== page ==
The Mirror series paintings (2017) was sponsored by Arts Council England with Grants for the Arts funding and Lancaster University (Lancaster Institute for the Contemporary Arts) comprising a solo exhibition at The Storey Gallery, Lancaster in November 2017.
This series of new paintings (2017) began as an exploration into mirrors and reflections. Using antique shaped mirrors, stencils were made of their distinctive outlines. Some sketches and paintings resulted in studies about light, shadow and interior worlds. The initial source of reference was my hall at home. This naturally dark space is brightened by accumulated old mirrors populating each wall. A Hall of Mirrors.
As this enquiry progressed some mirrors morphed into heads. The resultant paintings are reductive offering simple outlines and stances yet do portray character and mood - what Kevin O’Brien in the accompanying catalogue essay accurately describes as being ‘deliberately ersatz’.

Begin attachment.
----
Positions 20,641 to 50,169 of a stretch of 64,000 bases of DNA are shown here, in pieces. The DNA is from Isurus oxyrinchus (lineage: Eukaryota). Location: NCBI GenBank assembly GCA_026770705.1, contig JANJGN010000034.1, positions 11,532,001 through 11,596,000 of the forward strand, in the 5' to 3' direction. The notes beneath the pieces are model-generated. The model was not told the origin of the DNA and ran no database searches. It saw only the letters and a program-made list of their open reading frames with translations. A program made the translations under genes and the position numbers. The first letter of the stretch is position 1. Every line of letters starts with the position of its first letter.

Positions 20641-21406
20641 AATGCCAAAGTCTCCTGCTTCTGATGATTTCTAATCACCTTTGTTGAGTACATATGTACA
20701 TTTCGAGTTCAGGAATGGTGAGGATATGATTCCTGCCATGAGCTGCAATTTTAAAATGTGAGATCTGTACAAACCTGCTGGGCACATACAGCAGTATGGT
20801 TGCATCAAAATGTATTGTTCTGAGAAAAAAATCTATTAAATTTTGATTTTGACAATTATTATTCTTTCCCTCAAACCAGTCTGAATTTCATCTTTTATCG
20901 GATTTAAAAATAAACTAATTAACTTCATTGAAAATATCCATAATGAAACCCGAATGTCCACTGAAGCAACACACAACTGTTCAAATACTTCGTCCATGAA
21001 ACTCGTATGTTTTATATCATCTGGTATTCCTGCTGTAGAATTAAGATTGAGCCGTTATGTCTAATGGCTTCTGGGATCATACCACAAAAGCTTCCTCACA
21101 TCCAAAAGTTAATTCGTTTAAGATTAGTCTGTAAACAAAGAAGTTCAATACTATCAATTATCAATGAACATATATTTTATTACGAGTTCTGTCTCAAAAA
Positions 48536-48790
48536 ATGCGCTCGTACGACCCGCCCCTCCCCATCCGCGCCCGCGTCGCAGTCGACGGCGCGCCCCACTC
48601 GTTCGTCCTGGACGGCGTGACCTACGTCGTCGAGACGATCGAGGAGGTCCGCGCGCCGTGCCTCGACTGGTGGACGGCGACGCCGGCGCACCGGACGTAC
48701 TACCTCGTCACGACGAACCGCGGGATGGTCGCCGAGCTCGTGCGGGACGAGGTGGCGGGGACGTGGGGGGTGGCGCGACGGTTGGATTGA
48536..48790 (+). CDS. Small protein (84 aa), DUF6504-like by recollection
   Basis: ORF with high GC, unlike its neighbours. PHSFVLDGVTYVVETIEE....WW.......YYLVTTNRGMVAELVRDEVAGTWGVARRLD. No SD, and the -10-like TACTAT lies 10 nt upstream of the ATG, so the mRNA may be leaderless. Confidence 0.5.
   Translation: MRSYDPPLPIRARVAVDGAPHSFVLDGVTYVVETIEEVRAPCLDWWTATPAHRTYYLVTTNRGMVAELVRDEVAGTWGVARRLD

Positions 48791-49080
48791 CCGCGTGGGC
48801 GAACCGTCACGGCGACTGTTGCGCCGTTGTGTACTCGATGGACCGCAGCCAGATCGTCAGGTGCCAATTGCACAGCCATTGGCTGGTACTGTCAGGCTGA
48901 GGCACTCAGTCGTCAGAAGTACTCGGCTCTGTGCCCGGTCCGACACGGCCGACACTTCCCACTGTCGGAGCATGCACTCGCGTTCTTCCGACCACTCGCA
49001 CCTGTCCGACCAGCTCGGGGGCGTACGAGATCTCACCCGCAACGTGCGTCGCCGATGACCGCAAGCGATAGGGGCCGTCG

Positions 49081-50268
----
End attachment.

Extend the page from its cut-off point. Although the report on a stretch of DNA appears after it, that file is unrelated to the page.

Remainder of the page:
Some of these paintings acknowledge the explosion of de-formalised self portraiture through mobile ‘phone technology - a self-regarding yet popular activity which, in the main, rarely offers much context to the third party viewer. Selfies are a kind of mirror but a mirror is a magic device. It seems other worldly. It may be a portal through which, like Alice and her Looking Glass, we might climb through to explore worlds both familiar and unfamiliar.
These paintings are incongruous - some are whimsical, some may seem dark or disturbing but most attempt to question through animation of the inanimate to what degree we use masks of our own making to deflect others from seeing our true selves.
What are these figures? Where are they? What are they doing and why do they challenge our gaze? Perhaps they are wholly unaware, lost in their dream world on the other side of the glass. Cinema’s ‘Master of Suspense’, Alfred Hitchcock, in his groundbreaking interviews with French film maker, François Truffaut, remarked: “There’s no such thing as a face—it’s non-existent until the light hits it.” We might say the same when confronting and thinking about mirrors.
Much has been written about the portrait and also the phenomenon of the mirror in painting. However, the real curiosity is painting itself and its magical properties - how it commands our attention and stimulates thoughts we may not have thought before.